A massive rescue package for Spain and looming elections in Greece that could lead to its exit from the eurozone - Europe's newspapers had some strong things to say this week about the latest euro turmoil.
In an editorial titled, "Europe is no bowling club," Germany's conservative Frankfurter Allgemeine Zeitung on Thursday argued that members of the European Union couldn't just join and leave the group as they pleased. "The Greeks who lied their way into the currency union once promised a lot in Brussels but have not stuck to most of it," the paper said, adding that the eurozone should hold up the rule of law and not accept Greece tearing up deals that its government had signed just a few weeks ago. "If the Greeks don't want to be a part of [the eurozone], they should try their luck somewhere else," it concluded.
Greece's future in the eurozone was the focus of France's Liberation newspaper too. It predicted that Sunday's parliamentary elections in Greece, will be marred by "anger and fear." The paper said it will be the "last chance" for the people of Greece to choose between "waging a tug of war with Brussels and accepting the sacrifices" necessary to keep them in the eurozone.
A 'twilight zone'
British broadsheet The Guardian took a pessimistic view. "Euroland has finally entered the twilight zone: an extraordinary, frightening situation has been visited upon ordinary folk in 17 countries, who now await a dreadfully macabre twist," the paper wrote. "The sad truth for Greece is that a mere cessation of the austerity program won't stave off a decade-long depression; what's needed is the kind of stimulus program that it cannot afford and the eurozone won't pay for," it added. "For the rest of the euro club, and the world, this mess will drag on without resolution - but with plenty of buck-passing."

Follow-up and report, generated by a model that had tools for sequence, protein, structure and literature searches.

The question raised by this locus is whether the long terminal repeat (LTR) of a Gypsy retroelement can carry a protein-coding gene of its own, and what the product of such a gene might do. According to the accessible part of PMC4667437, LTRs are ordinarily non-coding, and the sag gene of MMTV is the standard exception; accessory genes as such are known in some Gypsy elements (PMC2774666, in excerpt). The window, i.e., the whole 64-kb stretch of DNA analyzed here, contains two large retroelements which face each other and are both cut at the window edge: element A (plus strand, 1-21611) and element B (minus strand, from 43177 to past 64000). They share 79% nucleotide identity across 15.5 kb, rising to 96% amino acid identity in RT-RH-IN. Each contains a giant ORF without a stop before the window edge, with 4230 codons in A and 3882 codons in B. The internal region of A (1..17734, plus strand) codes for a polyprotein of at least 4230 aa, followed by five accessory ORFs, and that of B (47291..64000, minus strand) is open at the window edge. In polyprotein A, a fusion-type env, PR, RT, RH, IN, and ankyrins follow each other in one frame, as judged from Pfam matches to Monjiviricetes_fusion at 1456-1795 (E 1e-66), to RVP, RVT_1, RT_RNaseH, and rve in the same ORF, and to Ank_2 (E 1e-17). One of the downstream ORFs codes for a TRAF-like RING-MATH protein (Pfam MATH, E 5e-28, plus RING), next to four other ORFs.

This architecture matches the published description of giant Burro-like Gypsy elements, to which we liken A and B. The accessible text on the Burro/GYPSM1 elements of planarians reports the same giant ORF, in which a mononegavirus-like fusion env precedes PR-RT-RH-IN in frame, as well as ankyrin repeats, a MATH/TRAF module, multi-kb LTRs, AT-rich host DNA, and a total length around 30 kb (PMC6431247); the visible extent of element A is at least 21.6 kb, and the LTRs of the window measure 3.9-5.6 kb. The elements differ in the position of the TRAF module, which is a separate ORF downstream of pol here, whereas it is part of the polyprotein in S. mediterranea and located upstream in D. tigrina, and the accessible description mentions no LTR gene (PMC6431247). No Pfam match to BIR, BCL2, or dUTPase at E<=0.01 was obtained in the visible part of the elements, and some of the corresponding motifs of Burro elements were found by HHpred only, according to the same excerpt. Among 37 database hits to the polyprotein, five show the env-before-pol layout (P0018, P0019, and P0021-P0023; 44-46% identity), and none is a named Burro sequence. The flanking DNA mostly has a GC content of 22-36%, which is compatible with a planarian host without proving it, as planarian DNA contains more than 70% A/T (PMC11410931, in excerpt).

But Belgium's left-leaning Le Soir newspaper argued that "Europe, not Greece is the problem." The Brussels-based daily said the case of Greece is a symptom rather than the cause of the malaise that is now affecting Europe. "Democracy and politics have never been more ineffective at a time when solidarity between European countries is more necessary than ever before. We will have to find renewed political courage and a faith in powerful ideas if we are to follow a common path towards a prosperous future," it said. "If we prove unequal to this task, democracy will collapse along with the euro."
Hopes on Merkel changing course
Meanwhile, the press in Spain and Greece stuck with their own financial troubles. Spain's El Pais newspaper heaped scorn on Prime Minister Mariano Rajoy for portraying a 100-billion-euro rescue of the country's banks as a triumph, expressing skepticism about whether the plan will work. "Rajoy makes himself out to be the savior of the euro and parades the pressure tactics he used to get us this marvelous gift of a tailor-made rescue," it wrote. "And, what's more, he has pulled it off by sliding forward the trump card that 'size matters', because Spain is too big to be left to sink or swim. It's a bluff Merkel has not dared to call."
As Greeks decide on Sunday between more austerity and a possible euro exit, conservative newspaper Kathimerini called on voters to opt for New Democracy, the main center-right party led by Antonis Samaras, which supports the bailout deal with the EU and IMF, although will seek concessions if they win.
It said "all hopes of the Europe-friendly parties are pinned on German Chancellor Angela Merkel changing course" on her strict austerity-above-all policies under pressure from New French President Francois Hollande and US President Barack Obama. "Under these circumstances, rows with the EU or belief in the doctrine ' the pressure of the masses will force the powerful to change their positions' is either very risky or far removed from reality," the paper wrote.
Compiled by Sonia Phalnikar
Editor: Joanna Impey